The work includes the replacement of 20 inch, 12 inch and 8 inch diameter water mains that serve residential and commercial properties. The new distribution system will also replace dead ends with looped mains and thereby improve water quality by ensuring that it is always moving.

This capital infrastructure upgrade is one of 217 similar projects in Queens that are either under construction now or are in the planning and design phase. Investing in water distribution and sewer infrastructure is a central part of DEP’s upcoming capital plan. In Queens, the DEP Executive Budget includes $921 million of capital investments from Fiscal Year 2012-21.

DEP manages New York City’s water supply, providing more than one billion gallons of water each day to more than nine million residents, including eight million in New York City. The water is delivered from a watershed that extends more than 125 miles from the city, comprising 19 reservoirs, and three controlled lakes. Approximately 7,000 miles of water mains, tunnels, and aqueducts bring water to homes and businesses throughout the five boroughs, and 7,500 miles of sewer lines and 96 pump stations take wastewater to 14 in-city treatment plants. DEP has nearly 6,000 employees, including nearly 1,000 in the upstate watershed. For more information, visit www.nyc.gov/dep, like us on Facebook at www.facebook.com/nycwater, or follow us on Twitter at www.twitter.com/nycwater.”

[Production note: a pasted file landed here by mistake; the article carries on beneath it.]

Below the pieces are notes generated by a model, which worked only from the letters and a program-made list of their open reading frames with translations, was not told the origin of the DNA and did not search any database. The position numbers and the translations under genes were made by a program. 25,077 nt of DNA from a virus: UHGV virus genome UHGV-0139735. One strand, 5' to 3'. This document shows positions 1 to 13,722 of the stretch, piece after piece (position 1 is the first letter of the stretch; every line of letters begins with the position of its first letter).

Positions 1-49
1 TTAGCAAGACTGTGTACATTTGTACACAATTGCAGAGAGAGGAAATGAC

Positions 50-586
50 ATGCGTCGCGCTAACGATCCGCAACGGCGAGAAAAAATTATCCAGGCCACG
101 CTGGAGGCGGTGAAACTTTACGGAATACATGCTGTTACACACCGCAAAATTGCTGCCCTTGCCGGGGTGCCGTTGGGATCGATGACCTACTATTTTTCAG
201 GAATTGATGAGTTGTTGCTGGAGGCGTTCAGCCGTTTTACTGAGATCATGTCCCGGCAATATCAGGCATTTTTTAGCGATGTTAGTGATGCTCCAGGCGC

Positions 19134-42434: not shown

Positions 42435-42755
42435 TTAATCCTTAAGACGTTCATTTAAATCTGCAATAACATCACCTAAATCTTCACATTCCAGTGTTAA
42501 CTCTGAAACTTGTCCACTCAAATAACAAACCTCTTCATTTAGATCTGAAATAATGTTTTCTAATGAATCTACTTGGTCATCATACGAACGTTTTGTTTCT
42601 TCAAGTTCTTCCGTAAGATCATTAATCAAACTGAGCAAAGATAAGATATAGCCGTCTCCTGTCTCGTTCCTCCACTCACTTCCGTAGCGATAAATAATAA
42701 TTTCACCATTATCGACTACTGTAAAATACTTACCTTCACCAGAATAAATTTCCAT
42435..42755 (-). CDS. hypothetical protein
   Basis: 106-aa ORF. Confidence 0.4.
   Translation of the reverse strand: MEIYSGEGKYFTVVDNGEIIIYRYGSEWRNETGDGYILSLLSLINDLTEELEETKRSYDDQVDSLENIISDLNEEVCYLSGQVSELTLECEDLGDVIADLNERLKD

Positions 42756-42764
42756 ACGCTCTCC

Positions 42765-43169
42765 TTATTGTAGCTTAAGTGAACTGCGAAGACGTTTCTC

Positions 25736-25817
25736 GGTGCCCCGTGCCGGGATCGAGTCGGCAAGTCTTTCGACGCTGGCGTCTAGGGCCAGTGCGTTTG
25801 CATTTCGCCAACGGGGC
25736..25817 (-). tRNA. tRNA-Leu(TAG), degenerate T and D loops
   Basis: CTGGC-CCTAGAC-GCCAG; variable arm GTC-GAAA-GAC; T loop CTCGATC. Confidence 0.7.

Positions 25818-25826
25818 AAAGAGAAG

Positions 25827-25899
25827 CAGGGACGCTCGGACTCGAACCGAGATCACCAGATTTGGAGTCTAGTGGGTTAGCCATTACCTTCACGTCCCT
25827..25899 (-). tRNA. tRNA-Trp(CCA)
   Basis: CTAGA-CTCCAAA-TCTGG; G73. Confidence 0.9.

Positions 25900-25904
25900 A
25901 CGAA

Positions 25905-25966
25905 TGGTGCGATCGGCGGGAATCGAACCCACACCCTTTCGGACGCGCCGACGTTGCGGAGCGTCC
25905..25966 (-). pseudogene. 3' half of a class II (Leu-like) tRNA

The $14 million infrastructure upgrade, funded by DEP and managed by DOC, will begin in March 2013 and include the installation of nearly 13 miles of new ductile iron water mains. The work will be done in phases with the full project expected to be completed in 2015.